Session: Poster Session: Hospital-acquired and Transplant Infections
Friday, October 30, 2009: 12:00 AM
Room: Poster Hall A
Background: The IDSA antimicrobial stewardship guideline describes interventions to improve antibiotic utilization, but there is no guidance as to where limited resources are most effectively focused when developing an antibiotic stewardship program (ASP).
Methods: As an initial ASP intervention at our institution, we implemented a prospective audit and provider feedback program in the medical intensive care unit (MICU) on August 1, 2008. An Infectious Diseases (ID) attending or ID pharmacist performed targeted medical record reviews of patients on antibiotics 5-times weekly and provided feedback and education to providers on a case-by-case basis. An ID attending participated in multidisciplinary rounds twice weekly. A similar intervention was continued in our surgical intensive care unit (SICU). We compared antibiotic utilization, costs, and outcomes during the 9 months after the intervention (Aug 08-Apr 09) and the same period in the year prior (Aug 07-Apr 08).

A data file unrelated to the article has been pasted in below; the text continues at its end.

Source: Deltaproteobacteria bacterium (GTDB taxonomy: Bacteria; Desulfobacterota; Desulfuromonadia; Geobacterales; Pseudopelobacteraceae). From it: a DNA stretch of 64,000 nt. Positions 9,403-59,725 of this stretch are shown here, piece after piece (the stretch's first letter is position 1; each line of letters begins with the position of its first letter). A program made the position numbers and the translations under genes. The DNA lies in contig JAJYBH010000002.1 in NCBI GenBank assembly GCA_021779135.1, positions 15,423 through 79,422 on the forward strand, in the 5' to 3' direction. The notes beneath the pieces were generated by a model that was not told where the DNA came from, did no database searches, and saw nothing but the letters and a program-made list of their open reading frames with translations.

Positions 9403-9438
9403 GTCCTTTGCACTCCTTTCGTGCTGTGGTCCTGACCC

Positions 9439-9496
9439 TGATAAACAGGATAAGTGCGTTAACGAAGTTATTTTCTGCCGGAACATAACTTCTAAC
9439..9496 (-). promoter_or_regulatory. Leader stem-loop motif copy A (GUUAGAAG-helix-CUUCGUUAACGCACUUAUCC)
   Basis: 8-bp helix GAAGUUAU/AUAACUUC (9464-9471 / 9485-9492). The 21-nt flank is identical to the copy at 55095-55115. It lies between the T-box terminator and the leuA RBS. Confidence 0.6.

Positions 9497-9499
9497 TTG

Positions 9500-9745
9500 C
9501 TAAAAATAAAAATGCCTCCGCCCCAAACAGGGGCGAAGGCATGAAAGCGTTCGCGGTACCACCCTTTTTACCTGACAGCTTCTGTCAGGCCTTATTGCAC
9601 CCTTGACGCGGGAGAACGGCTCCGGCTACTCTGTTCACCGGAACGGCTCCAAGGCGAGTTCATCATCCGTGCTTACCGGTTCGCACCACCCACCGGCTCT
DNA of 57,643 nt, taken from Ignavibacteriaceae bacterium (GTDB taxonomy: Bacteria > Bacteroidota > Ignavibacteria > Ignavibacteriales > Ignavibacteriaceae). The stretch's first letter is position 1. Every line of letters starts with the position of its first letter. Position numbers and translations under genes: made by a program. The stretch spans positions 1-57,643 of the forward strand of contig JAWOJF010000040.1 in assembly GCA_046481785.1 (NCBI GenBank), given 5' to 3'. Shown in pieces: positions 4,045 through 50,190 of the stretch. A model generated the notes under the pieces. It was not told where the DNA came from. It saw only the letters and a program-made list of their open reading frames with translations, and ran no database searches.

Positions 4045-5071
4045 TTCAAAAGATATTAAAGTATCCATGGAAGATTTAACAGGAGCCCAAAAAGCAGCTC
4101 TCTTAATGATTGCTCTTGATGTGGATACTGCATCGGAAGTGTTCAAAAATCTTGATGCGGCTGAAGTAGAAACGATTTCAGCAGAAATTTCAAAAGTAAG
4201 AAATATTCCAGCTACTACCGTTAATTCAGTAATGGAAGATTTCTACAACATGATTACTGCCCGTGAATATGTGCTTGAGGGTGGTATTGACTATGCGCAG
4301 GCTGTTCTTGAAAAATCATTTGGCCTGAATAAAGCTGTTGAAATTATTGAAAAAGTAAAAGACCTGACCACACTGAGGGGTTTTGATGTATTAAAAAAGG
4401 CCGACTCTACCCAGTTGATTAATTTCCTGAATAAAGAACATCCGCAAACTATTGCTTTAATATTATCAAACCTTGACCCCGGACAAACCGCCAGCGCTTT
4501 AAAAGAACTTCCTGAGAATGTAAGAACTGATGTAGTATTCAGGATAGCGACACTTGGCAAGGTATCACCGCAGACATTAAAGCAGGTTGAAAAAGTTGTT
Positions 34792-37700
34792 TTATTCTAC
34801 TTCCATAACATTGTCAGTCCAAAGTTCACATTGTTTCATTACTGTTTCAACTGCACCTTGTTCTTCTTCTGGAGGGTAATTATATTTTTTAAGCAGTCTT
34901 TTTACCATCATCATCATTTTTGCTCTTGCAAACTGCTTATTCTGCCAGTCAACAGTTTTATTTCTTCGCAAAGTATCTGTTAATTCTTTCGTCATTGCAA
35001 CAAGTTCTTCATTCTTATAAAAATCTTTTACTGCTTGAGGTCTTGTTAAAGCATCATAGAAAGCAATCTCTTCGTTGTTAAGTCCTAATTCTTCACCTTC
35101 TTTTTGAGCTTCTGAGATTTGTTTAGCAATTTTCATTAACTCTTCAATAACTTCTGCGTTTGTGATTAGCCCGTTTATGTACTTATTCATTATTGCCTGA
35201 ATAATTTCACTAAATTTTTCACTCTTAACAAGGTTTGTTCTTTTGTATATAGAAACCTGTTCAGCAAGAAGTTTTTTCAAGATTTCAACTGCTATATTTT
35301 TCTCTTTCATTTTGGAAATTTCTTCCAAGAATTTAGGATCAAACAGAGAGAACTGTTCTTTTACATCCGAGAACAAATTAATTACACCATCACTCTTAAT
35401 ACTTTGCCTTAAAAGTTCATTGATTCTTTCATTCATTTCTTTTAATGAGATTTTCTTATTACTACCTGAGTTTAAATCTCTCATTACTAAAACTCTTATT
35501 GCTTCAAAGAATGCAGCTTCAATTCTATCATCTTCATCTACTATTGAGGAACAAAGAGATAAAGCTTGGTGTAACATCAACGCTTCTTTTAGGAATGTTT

Results: Post-intervention antibiotic utilization decreased by 10.4% in the MICU (1194 days of therapy per 1000 patient-days [DOT/1000PD] to 1070 DOT/1000PD, p=0.08) and by 11.2% in the SICU (1050 to 932 DOT/1000PD, p=0.02) compared with the pre-intervention period. Antibiotic utilization decreased by 24.9% (862 to 647 DOT/1000PD, p=.001) in the step-down unit (SDU) and by 9.5% for remaining medical-surgical wards (661 to 598 DOT/1000PD, p=.004) despite no targeted intervention to these units or providers. Anti-pseudomonal antibiotic use decreased in the MICU, SICU, SDU, and medical-surgical wards by 21.7%, 28.4%, 31.8%, and 15.0%, respectively (p<.05 for each). Antibiotic acquisition costs for these hospital units decreased by a total of $108,218. Length of hospital stay, mortality, and 30-day readmission rates were similar between periods for patients receiving at least one dose of an antibiotic.
Conclusions: An antibiotic stewardship intervention targeted to ICUs was associated with significant reductions in hospital-wide antibiotic utilization and costs. Our experience suggests ICUs are a high-yield area of focus when developing an ASP.